Prime Minister demanding that Cobra be convened to deal with the floods at that time. He very
reluctantly agreed and eventually did call a meeting of Cobra. The situation across the
country is now even worse than it was then, and no Cobra meeting has been called. Is he
just pretending to care when he does not really care at all, because there are no votes on
the line at this moment?
>> The Prime Minister As the right hon. Gentleman knows perfectly
well, there has been a stream of ministerial meetings since the flooding began. The national
flood response centre was convened on 14 February, and I have been directing things, as he perfectly
knows. Cobra is a reference to Cabinet Office briefing room A, which is not the only room
in which meetings can take place.
>> Jeremy Corbyn The issue is very serious for people around
the country whose homes are being flooded. They need help and support. They do not need
trite answers like that from their Prime Minister.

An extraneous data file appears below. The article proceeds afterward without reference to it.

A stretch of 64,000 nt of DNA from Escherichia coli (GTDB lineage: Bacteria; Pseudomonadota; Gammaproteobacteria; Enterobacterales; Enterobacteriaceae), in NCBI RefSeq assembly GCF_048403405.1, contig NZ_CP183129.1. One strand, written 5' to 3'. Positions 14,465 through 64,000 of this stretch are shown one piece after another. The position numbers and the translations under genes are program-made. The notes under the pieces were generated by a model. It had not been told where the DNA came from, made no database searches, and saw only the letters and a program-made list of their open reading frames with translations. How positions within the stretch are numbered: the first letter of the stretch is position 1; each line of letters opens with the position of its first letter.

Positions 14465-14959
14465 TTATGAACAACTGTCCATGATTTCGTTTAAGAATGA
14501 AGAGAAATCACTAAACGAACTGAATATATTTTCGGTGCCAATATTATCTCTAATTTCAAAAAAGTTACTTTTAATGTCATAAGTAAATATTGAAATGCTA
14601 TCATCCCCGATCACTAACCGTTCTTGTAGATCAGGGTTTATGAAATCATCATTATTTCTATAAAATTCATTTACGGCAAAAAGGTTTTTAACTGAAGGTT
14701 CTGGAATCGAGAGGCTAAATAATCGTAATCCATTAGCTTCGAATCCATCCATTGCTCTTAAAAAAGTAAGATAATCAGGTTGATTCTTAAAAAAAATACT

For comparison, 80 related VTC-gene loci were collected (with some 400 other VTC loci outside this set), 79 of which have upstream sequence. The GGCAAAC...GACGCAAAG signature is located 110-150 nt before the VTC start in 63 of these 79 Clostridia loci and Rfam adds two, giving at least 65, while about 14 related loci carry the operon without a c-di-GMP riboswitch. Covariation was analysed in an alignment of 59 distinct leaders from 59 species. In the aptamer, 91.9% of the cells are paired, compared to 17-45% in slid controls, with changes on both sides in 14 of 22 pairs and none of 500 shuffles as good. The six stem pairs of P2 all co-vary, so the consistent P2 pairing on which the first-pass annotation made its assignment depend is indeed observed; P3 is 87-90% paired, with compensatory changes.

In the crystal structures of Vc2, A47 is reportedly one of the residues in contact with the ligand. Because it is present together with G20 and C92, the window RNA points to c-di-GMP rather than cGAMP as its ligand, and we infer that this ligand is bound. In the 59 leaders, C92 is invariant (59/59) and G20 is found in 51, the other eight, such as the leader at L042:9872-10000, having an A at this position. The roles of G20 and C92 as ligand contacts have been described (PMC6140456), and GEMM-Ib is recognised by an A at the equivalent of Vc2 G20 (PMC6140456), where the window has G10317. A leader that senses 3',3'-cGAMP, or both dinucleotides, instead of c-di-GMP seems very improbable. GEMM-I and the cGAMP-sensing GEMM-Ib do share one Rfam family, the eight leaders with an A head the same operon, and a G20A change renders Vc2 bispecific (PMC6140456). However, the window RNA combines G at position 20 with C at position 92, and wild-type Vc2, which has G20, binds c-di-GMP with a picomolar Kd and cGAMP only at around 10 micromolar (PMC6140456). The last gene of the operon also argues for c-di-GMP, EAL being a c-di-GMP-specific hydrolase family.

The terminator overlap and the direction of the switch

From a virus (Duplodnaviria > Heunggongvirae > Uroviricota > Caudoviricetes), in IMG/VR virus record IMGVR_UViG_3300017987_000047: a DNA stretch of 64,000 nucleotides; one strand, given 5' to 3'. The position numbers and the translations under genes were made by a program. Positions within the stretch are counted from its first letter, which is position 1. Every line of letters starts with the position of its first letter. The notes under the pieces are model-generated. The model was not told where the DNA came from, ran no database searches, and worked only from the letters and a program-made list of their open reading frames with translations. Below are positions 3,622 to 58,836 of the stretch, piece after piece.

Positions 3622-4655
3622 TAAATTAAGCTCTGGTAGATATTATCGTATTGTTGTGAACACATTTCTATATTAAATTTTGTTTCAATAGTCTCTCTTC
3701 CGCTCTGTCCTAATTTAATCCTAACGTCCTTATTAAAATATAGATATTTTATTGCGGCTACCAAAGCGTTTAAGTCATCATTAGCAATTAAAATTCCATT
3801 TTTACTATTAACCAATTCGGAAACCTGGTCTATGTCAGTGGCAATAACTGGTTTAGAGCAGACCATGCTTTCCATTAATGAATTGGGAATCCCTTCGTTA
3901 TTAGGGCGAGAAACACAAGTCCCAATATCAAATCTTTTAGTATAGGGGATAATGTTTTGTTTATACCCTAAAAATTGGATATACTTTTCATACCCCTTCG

Time and again, communities and lives are being put at risk and the Government simply
refuse to acknowledge the scale of the problem. Does he agree with his hon. Friend the Member
for Shipley (Philip Davies), who said the Government have done “precious little”
to stop the floods happening again?
>> The Prime Minister Let me repeat for the benefit of the right
hon. Gentleman that this Government have a fantastic record of investing in flood defences
and will continue to do so. The reason we can do so, the reason we have been able to
commit £2.6 billion for flood defences and the reason we are able to pledge another £4
billion is because this Government are running a strong, successful and robust economy, which
he would ruin.
>> Jeremy Corbyn If that is the case, why are the Government
investing less than half the money the Environment Agency of England says is necessary to improve
flood defences across the country? It says that £5.6 billion is needed. So far as I
am aware, the Government are investing less than half of that.
I have visited many areas and many households, and do you know what, I have learned a lot
from visiting the victims of floods—the Prime Minister should try it one day. They
have told me that they cannot afford the insurance on their homes, as costs have skyrocketed.
Recent studies have shown that 20,000 homes are not protected by the Government’s insurance